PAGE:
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    My goscreen alias looks like this:

    stty erase ^? ; screen -wipe ; screen -h 500 -d -R

    i.e., wipe dead sessions, then reattach to any live session, creating a new one if necessary. If I get disconnected, I log back in, type goscreen and I’m back where I was.

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      What do you need the:

      stty erase ^?
      

      Exotic keyboard layout, so backspace doesn’t… Backspace?

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        No, it’s a Mac keyboard and Delete is in that position.

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          ba dum tss

          when did they start doing that? i have a 2007 mac keyboard and the key in the backspace position works as a backspace, as you would expect (though it is labeled “delete”)

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      Why would I use screen over tmux? Honestly curious, have no experience with screen.

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        It’s often preinstalled. Many users are familiar with it over tmux for that reason.

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          There are many reasons, none of them is really general:

          • Being oldschool and being used to it. tmux is different and even if you change Ctrl-B back to Ctrl-A, it’s not a drop-in replacement.
          • Missing serial console support in tmux and some other more exotic features missing in tmux (probably on purpose).
          • IMHO easier to configure (albeit definitely less mighty)

          (Disclaimer: I’m the author of the linked blog posting and the maintainer of Debian’s screen package, so I’m probably biased. ;-)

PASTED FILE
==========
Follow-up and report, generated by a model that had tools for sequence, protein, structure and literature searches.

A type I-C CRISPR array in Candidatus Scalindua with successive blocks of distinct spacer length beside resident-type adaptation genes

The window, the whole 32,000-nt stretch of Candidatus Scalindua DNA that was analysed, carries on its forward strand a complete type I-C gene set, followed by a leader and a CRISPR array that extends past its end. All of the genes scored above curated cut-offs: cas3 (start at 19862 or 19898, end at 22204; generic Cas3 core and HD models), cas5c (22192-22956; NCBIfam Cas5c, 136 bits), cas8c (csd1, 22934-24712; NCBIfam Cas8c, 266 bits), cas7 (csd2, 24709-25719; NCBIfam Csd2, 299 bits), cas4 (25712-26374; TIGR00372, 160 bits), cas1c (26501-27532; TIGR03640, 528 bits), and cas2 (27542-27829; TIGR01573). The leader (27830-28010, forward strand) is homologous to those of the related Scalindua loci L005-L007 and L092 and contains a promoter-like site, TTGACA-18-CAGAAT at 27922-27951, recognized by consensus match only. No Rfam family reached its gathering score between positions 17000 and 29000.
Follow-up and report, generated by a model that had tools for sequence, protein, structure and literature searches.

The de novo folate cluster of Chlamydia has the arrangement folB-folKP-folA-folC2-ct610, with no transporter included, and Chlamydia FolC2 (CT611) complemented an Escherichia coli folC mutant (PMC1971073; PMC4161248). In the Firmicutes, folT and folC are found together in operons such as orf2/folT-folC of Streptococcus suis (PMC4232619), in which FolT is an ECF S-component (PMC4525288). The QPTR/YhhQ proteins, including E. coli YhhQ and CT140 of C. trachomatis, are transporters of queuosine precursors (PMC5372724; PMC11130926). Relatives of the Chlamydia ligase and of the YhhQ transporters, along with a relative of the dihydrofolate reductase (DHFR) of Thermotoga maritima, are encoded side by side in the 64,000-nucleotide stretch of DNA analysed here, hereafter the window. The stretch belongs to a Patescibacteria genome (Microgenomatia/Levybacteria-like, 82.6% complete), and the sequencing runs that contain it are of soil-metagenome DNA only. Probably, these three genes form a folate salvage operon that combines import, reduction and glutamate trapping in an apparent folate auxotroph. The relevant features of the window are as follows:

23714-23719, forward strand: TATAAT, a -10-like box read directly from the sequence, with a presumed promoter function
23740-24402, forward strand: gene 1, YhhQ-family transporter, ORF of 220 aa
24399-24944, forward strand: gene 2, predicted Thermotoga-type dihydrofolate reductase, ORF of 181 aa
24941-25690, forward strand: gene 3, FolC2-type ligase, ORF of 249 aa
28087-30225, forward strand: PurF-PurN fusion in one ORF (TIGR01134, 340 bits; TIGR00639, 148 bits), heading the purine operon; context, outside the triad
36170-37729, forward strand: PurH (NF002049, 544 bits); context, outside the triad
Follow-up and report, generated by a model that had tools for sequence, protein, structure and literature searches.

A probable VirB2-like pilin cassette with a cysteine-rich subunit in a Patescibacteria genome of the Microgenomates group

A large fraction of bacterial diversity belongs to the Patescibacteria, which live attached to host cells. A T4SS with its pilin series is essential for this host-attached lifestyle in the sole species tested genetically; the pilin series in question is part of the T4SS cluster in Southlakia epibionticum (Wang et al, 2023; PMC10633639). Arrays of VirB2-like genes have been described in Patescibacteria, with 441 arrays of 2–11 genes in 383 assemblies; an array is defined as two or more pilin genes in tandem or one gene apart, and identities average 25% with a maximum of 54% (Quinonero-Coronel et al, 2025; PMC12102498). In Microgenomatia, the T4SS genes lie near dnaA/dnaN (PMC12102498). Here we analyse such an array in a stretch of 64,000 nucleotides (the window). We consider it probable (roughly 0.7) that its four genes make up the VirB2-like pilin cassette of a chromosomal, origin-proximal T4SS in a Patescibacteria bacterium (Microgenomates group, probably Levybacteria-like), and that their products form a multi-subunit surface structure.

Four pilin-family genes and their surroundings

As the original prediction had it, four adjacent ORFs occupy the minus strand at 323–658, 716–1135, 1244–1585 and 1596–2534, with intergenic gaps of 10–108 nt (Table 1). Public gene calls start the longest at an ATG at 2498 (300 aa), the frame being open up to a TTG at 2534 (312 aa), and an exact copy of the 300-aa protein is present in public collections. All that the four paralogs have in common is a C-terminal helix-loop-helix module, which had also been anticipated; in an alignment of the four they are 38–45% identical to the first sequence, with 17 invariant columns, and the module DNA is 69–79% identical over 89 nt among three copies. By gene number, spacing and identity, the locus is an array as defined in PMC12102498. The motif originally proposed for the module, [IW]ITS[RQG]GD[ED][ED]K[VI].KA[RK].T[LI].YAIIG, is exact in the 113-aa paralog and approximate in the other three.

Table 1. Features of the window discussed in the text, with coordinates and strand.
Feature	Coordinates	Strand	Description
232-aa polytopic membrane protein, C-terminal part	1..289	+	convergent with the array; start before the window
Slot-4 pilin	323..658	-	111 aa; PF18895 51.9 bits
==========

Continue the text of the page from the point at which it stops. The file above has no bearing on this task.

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            Screen is good enough, I know the shortcut keys I need and it does serial ports. There is nothing I need that it doesn’t do, so why change? Not all change is progress…

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              Good summary, yes. :-)

              There are admittedly also some downsides: Most of the code of screen is ancient, has only few comments and is not easy to understand. It’s older than the Linux kernel. And despite it’s a GNU project these days, it started as IIRC “BSD Screen Manager” or so on BSDs.

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                what’s wrong with old code?

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                  The rest of the sentence says:

                  has only few comments and is not easy to understand

                  So, harder to maintain, fix, improve upon?

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                    that would be an issue, but i don’t see what that has to do with the age of the code

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                      Different common sense and coding style now and back then.

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                        Maybe, but two developers today may differ just as much in their common sense and coding style. It can be a pain to work on a code base written in a fancy IDE, if the author leaned on syntax highlighting and auto-completion to compensate for clunky names. There are a lot of factors that could make old code better or worse than new code.

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                    Nothing in general, but it tends to accumulate issues over time: